Arts Funding Cuts May Push Growth to the Fringe (Festival)

Leila Ghaznavi, Founder, Pantea Productions

13 Silken Veils-Leila

Silken Veils, Pantea Productions
performed at Edinburgh & Philadelphia Fringe Festivals

As organizations and artists gird for another round of cuts to arts funding, communities may want to take a page from cities like Cincinnati, Rochester and Wilmington where the arts get a boost from city fringe festivals. Financed by the participants, fringe festivals provide the added benefit of supporting Main Street and the larger community, and bringing visibility to area artists.

Many rightly associate the fringe with the granddaddy of them all, the Edinburgh Festival Fringe, which began in the late 1940s. But today, there are an increasing number of festivals throughout the country and internationally. The United States Association of Fringe Festivals lists more than twenty. Some of the best known are the New York International Fringe Festival, the Orlando International Fringe Theater Festival,  and the more recent Hollywood Fringe Festival. There are also the London Festival Fringe, the Toronto Fringe Festival , and the Adelaide Fringe Festival

“The value of the fringe is that it can provide ready-made audiences for artists and companies that might not be able to attract high-volume crowds on their own, “says Leila Ghaznavi, Founder of Pantea Productions, a multi-disciplinary theater company. Ghaznavi’s taken her own productions, including Silken Veils and Beyond the Light, to fringe festivals and has advised individuals and organizations on how to successfully market their performances at the festivals. She also helps groups evaluate whether the fringe can be a good fit for their needs.

“Many kinds of performances can work in a fringe environment, and it’s excellent for collaborating across disciplines. So you can mix dance with theater and spoken word, or music and performance art with videography. It’s about having quality over quantity, doing experimentation and looking for new ways to engage.

“The more innovative the show is the better because that’s what the audience at a fringe expects. There are performances done in short bursts, at non-traditional venues, and also as site-specific work, where the audience moves from place to place following a narrative as part of experiencing the event. Events can range from a fully cast play at a large performance venue , or I’ve seen a performance where the it was done in an elevator with the elevator going up and down.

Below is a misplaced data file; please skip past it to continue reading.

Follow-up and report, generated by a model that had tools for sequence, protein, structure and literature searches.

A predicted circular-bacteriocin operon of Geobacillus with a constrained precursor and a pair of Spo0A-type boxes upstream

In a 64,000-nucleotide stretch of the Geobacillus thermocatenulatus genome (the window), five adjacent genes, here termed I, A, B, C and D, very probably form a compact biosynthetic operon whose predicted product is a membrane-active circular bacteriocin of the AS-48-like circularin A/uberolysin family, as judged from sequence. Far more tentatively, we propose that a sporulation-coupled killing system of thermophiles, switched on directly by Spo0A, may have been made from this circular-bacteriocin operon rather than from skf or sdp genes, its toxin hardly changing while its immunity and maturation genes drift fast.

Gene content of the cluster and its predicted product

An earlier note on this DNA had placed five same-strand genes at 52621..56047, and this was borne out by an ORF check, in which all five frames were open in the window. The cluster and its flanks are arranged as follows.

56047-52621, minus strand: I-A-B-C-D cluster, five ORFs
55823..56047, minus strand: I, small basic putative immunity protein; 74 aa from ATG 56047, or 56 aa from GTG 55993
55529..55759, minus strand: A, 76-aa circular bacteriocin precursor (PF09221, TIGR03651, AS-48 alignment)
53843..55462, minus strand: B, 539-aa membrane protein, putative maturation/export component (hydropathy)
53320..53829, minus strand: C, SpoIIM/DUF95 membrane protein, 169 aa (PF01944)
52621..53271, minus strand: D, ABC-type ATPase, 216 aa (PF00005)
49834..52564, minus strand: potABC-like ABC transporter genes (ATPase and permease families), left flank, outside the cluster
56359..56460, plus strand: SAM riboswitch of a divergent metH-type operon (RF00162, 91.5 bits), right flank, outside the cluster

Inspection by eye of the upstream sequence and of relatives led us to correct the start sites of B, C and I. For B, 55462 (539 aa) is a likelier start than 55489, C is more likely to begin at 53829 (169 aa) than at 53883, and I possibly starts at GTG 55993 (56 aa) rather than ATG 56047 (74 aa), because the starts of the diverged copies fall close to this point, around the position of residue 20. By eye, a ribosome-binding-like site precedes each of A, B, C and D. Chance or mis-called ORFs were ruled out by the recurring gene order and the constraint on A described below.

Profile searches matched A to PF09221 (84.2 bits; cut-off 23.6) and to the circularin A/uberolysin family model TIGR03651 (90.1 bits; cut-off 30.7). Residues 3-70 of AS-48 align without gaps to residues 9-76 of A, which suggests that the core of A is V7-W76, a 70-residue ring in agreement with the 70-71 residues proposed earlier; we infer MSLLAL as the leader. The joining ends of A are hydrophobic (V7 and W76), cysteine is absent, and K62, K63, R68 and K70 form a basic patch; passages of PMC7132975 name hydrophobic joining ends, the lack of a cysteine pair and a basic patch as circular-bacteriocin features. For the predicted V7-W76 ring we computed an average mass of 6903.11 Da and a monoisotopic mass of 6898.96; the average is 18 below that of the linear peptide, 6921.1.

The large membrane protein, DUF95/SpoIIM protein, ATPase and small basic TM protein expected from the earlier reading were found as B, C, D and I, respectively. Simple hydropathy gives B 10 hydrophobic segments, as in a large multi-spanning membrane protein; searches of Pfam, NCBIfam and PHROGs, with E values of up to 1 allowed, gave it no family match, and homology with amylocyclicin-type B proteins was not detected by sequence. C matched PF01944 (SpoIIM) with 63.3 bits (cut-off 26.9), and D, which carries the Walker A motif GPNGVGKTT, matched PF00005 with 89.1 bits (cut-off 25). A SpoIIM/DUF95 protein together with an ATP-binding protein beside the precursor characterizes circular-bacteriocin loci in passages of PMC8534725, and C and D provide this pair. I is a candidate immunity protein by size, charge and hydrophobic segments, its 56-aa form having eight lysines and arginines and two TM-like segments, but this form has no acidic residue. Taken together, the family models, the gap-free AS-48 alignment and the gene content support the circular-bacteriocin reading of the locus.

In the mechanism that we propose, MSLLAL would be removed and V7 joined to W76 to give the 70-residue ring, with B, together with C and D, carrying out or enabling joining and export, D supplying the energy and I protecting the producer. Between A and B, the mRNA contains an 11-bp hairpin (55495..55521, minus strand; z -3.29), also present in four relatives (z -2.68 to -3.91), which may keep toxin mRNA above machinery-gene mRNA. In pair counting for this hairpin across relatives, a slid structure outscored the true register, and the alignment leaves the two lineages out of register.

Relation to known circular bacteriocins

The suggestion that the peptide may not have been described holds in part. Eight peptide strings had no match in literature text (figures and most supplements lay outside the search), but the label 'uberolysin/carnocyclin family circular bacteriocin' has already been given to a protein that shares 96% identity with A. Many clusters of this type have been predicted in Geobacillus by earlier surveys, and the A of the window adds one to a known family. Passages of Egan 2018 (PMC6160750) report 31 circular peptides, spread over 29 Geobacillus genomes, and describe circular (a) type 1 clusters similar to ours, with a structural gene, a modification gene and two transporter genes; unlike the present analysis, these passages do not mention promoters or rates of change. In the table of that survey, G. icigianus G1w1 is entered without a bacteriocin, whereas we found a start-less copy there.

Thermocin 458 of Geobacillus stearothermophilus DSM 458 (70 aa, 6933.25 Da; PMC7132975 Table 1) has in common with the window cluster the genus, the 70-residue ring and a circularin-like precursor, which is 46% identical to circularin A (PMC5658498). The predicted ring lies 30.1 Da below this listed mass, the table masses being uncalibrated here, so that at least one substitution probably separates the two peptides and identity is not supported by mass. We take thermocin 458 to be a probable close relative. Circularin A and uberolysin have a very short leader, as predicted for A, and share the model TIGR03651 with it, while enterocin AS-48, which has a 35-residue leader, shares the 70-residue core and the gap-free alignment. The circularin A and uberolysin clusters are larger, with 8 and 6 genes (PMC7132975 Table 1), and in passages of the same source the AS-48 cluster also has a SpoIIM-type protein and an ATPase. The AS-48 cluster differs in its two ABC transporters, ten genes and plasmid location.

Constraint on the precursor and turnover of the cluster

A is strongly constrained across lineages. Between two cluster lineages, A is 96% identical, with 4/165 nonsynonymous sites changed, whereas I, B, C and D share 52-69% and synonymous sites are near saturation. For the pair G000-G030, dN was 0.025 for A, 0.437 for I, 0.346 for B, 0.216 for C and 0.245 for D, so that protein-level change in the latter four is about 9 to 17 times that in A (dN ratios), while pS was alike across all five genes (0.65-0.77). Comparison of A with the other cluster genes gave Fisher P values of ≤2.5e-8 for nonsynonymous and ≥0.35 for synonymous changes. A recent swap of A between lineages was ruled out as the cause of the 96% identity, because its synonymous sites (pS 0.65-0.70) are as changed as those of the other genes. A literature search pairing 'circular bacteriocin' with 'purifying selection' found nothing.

“I advise people to think carefully about what they want to gain from being part of a fringe. Some want to test new work and get audience feedback. Others are further along and are prepared to make a big splash. When someone wants to make a splash, I tell them to bring their “A” game and plan to do a lot of advance marketing.

“You need to do more than just the basics – giving out postcards, posters, fliers, and local advertising –to get noticed. You also need to find ways to get directly to consumers; everything from walking the streets in costume to offering creative prize promotions and giveaways – anything to help you stand out from the crowd.

“I remind them of the old marketing adage about the ‘Rule of 7,’ which says that a prospect must hear your message seven times before they’ll buy or take action.”

Leila Ghaznavi who recently spoke at the Puppet Festival R(e)volution conference, is an Iranian-American playwright, actor, puppeteer and the founder of Pantea Productions. Her father immigrated to the U.S. from the village of Rahaghi with fifty dollars and a prayer rug. Her mother grew up in West Virginia and is a daughter of the American Revolution. She has an MFA from California Institute of the Arts, a B.A. from Bryn Mawr College in music composition and is a graduate of the Dell’Arte International School of Physical Theater. Much of her work explores the rights and roles of women across the globe. Her other talents include acting, directing, writing, aerial acrobatics, puppetry and clowning.

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Evolve or Die: The Arts Must Use Social Media

Dan Meagher – Director of Marketing for Diablo Ballet

13 Diablo Ballet